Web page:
- Potassium (K) excess: Rare in cannabis cultivation but can lead to nutrient imbalances. It may cause a nutrient lockout, affecting the uptake of other essential elements.
- Iron (Fe) deficiency: Interveinal chlorosis, where the leaves show yellowing between the veins while the veins remain green. Leaves may develop necrotic spots, and growth may be stunted.
- Iron (Fe) excess: Rare in cannabis cultivation but can cause leaf burn and interfere with the uptake of other nutrients.
- Micronutrient deficiencies (e.g., zinc, manganese, copper, boron): Symptoms vary depending on the specific deficiency. They can include leaf discoloration, distorted growth, necrosis, and reduced overall vigor.
- Micronutrient excesses: Excessive levels of micronutrients can lead to toxicity symptoms, which can vary depending on the specific nutrient. Symptoms may include leaf burn, darkening or yellowing of leaves, and stunted growth.
These are general signs, and it’s important to note that other factors, such as pH imbalance, pests, diseases, and environmental stressors, can also cause similar symptoms.
When identifying nutrient issues, it’s best to consider a combination of visual symptoms, nutrient history, and soil or water testing to accurately diagnose and address the problem.
Maintain the Ideal Temperature and Humidity Levels
Temperature plays a vital role in the metabolic processes of cannabis plants. The ideal temperature range for cannabis cultivation typically falls between 20°C and 28°C (68°F and 82°F) during the vegetative stage.
Cooler temperatures at the lower end of this range promote healthy vegetative growth, efficient photosynthesis, and the development of lush foliage.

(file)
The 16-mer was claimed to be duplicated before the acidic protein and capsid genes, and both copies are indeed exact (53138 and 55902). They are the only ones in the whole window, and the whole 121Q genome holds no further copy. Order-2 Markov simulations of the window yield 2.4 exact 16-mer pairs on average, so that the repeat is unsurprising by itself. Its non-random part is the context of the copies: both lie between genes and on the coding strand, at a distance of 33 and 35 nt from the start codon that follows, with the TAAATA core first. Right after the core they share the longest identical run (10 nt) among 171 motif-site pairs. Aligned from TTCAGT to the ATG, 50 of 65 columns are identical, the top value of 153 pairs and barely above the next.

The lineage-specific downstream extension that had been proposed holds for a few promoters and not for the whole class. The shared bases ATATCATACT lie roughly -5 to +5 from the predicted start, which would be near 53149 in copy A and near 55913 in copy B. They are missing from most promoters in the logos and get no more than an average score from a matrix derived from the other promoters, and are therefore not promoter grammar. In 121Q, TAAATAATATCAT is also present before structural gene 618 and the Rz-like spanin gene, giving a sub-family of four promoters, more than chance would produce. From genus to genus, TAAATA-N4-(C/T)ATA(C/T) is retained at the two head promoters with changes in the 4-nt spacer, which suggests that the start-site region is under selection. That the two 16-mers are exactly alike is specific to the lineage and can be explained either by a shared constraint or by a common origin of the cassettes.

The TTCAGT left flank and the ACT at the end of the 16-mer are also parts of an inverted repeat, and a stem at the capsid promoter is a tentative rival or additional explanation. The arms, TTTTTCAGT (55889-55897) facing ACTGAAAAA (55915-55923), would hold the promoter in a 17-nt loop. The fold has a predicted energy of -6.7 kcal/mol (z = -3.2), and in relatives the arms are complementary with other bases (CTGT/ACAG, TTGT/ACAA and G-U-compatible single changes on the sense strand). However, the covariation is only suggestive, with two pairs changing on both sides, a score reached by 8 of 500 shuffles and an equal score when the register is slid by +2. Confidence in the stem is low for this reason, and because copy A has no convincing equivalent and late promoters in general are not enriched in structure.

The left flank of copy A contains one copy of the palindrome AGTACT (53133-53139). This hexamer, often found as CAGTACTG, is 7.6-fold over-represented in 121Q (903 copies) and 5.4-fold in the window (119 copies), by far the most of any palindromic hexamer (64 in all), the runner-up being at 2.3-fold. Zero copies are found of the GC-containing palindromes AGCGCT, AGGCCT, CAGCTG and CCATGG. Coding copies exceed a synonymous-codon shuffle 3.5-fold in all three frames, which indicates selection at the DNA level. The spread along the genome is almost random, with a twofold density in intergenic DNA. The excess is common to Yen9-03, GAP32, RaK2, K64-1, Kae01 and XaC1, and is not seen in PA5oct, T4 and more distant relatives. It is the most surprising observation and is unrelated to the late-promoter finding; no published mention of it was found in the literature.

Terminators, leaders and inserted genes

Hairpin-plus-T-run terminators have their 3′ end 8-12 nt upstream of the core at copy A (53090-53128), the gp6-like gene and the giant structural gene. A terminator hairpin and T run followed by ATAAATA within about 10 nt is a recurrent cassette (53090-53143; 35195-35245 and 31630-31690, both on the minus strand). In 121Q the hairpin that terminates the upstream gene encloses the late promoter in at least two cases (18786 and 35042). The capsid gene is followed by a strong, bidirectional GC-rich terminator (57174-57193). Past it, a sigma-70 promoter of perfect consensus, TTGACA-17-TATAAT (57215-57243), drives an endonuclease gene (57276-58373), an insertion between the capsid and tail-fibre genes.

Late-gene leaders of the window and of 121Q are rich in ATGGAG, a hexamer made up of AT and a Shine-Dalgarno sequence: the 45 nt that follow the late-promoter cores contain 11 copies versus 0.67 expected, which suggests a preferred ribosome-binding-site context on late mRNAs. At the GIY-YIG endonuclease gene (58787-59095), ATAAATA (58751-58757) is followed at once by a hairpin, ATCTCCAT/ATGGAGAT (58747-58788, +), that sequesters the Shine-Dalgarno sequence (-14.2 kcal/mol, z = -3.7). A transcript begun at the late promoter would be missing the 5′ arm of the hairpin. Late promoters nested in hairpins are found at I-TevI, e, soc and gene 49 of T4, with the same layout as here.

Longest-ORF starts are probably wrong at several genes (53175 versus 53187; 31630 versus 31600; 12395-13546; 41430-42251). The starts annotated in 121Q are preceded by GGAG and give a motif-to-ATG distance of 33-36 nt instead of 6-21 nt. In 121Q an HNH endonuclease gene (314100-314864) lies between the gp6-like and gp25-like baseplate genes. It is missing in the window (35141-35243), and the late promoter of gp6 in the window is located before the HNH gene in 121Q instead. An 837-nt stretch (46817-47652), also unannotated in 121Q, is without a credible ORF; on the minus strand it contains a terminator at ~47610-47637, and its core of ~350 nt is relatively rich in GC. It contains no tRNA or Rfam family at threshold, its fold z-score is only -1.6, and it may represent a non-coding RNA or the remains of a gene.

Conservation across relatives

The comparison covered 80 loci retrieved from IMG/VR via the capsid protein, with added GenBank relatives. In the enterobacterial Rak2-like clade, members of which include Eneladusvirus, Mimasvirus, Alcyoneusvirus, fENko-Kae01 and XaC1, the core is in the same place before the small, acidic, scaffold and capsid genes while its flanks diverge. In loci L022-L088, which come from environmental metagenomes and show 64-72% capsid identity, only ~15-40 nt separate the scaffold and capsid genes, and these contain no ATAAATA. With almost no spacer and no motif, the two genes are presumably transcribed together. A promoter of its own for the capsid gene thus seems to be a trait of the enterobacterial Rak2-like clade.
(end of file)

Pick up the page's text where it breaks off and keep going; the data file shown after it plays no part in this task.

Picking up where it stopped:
During the flowering stage, temperature management becomes even more critical.
Cooler temperatures towards the end of flowering, specifically during the final few weeks before harvest, can stimulate terpene synthesis.
Lower temperatures, within the range of 18°C to 24°C (64°F to 75°F), can help preserve and enhance the aroma and flavor profiles of cannabis.
High temperatures above the optimal range can lead to various issues. Excessive heat can cause stress, reduce metabolic efficiency, and potentially hinder the production of secondary metabolites.
It can also increase water evaporation, leading to a higher risk of dehydration and nutrient imbalances. Additionally, elevated temperatures can contribute to the growth of pathogens and pests, negatively impacting plant health.
Humidity levels also play a critical role in cannabis cultivation. During the vegetative stage, maintaining a humidity range of 50% to 70% is generally recommended.
Higher humidity levels during this stage can help prevent excessive transpiration, ensuring efficient water uptake and nutrient absorption.
However, it’s important to maintain good airflow and avoid excessive humidity, as it can create a favorable environment for mold and fungal growth.
As cannabis plants enter the flowering stage, it’s beneficial to gradually lower humidity levels.
Lowering the humidity to a range of 40% to 50% during this stage helps reduce the risk of bud rot and mold formation. Adequate airflow and ventilation are essential to prevent stagnant air pockets and maintain proper humidity control.
It’s worth noting that specific strains may have slight variations in temperature and humidity preferences. It’s essential to consider strain-specific recommendations and observe how plants respond to environmental conditions in order to fine-tune the growing environment accordingly.
Monitoring temperature and humidity levels using thermometers and hygrometers, and employing environmental control systems such as heaters, air conditioners, humidifiers, and dehumidifiers, can help maintain the desired conditions.
Additionally, proper airflow and ventilation, along with the use of fans and exhaust systems, contribute to a healthy growing environment by preventing the buildup of heat, humidity, and stagnant air.